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Judge nixes Microsoft SkyDrive name in BSkyB court ruling

'Sky', 'cloud'... it just confuses people, reckons beak

Internet Security Threat Report 2014

BSkyB has won a legal case against Microsoft in the UK and EU over its use of the name "SkyDrive" for its cloud storage service.

British judge Sarah Asplin, sitting in the chancery division of Blighty's High Court, ruled that the evidence in the case "revealed confusion amongst real people" about the SkyDrive service, including members of the public calling Sky's helpline about difficulties they were having with Microsoft's product.

Redmond tried to argue that the term "sky" was descriptive in that it related to clouds and therefore to cloud storage, but the results of a survey conducted in 2010 only had 20 per cent of responses that could be "characterised as containing a recognition of some kind of allusion to cloud storage", despite the fact that the first question in the study linked the term SkyDrive to the relevant services.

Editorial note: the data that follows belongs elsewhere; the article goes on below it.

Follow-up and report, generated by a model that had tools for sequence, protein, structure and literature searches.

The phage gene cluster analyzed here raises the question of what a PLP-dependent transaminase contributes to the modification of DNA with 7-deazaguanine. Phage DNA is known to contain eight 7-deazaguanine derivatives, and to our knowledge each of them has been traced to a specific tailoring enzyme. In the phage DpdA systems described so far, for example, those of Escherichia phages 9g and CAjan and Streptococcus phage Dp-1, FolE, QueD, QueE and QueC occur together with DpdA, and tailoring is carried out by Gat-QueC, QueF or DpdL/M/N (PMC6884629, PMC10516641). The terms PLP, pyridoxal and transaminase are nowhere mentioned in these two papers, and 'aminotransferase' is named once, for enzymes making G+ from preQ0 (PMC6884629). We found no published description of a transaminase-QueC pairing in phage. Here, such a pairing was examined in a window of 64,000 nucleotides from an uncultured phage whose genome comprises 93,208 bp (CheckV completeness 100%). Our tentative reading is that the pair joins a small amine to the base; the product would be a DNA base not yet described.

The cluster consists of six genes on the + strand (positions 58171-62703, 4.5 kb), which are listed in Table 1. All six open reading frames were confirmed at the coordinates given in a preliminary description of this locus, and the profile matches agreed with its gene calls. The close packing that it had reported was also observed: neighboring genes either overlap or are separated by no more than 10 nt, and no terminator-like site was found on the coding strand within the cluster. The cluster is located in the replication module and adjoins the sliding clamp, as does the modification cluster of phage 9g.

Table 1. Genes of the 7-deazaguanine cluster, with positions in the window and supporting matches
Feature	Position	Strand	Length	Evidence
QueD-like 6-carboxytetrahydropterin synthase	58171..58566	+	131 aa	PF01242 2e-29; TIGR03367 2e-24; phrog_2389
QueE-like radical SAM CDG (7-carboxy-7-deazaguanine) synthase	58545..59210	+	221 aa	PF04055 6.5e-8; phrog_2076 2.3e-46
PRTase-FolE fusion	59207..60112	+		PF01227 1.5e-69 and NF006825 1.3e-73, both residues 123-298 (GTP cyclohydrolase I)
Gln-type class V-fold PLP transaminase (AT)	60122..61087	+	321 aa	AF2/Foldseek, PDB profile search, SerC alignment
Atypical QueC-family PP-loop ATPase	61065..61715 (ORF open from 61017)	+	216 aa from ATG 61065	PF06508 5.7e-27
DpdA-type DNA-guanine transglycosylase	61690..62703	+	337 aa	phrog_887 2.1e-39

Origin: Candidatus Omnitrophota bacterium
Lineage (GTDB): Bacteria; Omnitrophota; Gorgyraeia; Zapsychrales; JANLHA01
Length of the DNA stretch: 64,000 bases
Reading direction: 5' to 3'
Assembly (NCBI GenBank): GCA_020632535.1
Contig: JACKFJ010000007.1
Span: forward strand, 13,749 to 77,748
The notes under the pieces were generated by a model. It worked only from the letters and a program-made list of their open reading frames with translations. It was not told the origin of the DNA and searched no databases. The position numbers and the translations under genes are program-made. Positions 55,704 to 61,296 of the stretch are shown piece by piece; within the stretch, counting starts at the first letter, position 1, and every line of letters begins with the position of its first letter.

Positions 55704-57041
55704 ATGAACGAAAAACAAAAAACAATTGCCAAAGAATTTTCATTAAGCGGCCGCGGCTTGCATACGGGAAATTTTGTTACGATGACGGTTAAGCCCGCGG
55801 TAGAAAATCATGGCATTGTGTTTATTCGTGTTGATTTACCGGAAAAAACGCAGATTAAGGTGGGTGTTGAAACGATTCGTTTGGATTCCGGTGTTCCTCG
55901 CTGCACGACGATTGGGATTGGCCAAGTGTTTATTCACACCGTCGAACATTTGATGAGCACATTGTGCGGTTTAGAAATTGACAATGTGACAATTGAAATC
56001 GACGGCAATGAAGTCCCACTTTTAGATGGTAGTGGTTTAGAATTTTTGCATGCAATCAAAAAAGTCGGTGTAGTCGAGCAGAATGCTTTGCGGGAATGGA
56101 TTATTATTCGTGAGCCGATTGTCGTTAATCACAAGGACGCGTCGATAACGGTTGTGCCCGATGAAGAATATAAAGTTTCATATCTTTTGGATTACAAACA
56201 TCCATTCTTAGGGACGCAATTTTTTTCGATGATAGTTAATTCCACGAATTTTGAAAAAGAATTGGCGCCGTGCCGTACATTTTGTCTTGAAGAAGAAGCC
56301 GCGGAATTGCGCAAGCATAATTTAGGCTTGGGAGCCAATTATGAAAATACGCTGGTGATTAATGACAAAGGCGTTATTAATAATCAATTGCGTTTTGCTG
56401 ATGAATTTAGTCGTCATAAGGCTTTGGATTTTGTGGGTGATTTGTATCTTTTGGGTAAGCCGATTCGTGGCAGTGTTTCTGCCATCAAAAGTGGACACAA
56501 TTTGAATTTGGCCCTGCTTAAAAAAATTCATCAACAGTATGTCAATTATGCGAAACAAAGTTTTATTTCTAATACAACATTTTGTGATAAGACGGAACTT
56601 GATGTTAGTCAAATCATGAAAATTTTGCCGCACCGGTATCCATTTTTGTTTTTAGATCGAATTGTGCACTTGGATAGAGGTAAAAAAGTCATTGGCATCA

"Putting aside the doubts as to the probative value of the survey in the first place and the suggestive nature of the first question, I consider such a level of response to be insufficient," the judge said in her ruling.

Mrs Justice Asplin found that Microsoft infringed on the "Sky" trademark, but has yet to decide whether the remedy will be a fine for the firm or a change to the name of its cloud storage service, or both.

A Microsoft spokesperson said in an emailed statement that the company planned to appeal the decision.

"This case is only about the SkyDrive name and has nothing to do with service availability or future innovation," they said. "The decision is one step in the legal process and Microsoft intends to appeal.” ®

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